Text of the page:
Patients that are on, or plan to start, hemodialysis have better short- and long-term outcomes if they receive dialysis through a arteriovenous fistula. The word "fistula" means an abnormal or surgically created connection between two vessels. The creation of an arteriovenous fistula, in which an artery and vein are surgically connected to each other, takes place in an outpatient surgical setting. No foreign material is inserted into the patient. The connection of the artery and vein is below the skin, so nothing is extruding from the patient after surgery.
This operation does not require general anesthesia but rather is performed with the aid of a peripheral nerve block and sedation. The operation typically takes one hour, and patients go home from the recovery room after surgery.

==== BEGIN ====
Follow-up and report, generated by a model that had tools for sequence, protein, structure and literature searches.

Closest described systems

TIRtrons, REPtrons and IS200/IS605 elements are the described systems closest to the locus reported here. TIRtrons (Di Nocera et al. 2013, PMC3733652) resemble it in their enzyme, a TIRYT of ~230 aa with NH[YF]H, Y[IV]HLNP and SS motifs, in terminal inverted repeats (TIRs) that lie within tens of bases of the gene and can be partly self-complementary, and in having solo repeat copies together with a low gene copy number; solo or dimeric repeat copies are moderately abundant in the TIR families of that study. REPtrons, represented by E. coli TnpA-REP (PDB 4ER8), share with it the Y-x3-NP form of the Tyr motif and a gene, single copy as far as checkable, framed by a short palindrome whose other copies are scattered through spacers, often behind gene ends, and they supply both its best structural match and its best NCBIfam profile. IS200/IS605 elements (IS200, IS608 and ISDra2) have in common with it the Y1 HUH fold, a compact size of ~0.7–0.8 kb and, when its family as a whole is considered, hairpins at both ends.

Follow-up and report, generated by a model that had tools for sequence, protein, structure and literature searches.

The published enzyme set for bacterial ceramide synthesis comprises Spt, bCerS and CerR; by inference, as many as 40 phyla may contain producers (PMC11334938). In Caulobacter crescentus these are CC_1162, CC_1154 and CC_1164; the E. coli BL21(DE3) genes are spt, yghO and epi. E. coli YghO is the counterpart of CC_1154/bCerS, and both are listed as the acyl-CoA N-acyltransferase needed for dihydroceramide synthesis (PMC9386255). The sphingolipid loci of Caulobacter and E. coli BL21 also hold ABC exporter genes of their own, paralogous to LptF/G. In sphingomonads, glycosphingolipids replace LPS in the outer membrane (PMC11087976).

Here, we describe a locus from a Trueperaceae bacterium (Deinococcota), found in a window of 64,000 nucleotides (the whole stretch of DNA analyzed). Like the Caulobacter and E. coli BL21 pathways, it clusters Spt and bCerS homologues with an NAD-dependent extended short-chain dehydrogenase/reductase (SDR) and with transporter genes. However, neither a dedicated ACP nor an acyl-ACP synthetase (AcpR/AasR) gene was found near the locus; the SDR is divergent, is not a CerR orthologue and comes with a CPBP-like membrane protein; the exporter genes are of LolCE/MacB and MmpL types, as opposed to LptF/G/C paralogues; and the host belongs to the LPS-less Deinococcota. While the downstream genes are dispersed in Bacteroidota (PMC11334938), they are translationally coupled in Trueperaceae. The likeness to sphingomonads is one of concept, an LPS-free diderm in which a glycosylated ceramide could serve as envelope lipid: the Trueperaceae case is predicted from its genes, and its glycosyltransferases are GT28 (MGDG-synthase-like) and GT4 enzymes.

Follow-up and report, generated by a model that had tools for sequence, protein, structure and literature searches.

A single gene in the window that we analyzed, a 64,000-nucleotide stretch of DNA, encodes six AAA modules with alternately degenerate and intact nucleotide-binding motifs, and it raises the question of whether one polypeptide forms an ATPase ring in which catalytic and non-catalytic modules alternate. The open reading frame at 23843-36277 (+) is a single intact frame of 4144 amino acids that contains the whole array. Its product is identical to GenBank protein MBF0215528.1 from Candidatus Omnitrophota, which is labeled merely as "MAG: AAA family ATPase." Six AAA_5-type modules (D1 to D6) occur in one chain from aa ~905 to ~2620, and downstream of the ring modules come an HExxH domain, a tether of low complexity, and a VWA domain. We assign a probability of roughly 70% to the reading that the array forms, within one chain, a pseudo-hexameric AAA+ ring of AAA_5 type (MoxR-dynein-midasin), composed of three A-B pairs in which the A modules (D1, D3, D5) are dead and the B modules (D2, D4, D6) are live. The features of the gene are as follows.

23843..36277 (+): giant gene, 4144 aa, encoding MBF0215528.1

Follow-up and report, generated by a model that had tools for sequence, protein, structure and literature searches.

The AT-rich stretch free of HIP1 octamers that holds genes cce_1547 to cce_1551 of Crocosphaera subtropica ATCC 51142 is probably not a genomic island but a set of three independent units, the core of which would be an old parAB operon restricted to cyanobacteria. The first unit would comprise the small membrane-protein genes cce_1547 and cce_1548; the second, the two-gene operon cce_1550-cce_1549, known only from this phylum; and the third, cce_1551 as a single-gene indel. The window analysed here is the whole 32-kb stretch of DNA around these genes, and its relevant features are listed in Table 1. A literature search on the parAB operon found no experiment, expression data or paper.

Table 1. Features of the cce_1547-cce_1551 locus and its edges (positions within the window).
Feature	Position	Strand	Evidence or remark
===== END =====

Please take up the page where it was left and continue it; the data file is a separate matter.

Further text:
Once the operation is complete, it takes an average of 6-8 weeks for the vein to grow or mature enough to be usable for hemodialysis.
For patients that do not have veins suitable for arteriovenous fistula creation, a graft can be placed between an artery and a large, deep vein in the arm. The graft is then accessed by the hemodialysis staff for dialysis. The operation to place an arteriovenous graft is also an outpatient procedure and does not require general anesthesia.
Patients should make sure they do not eat or drink anything after midnight the day before their surgery. For patients who take medications in the mornings, they may take them as directed with a small sip of water.
After Your Surgery: AV Fistula/AV Graft Discharge Instructions
Common Questions Regarding Arteriovenous Fistulas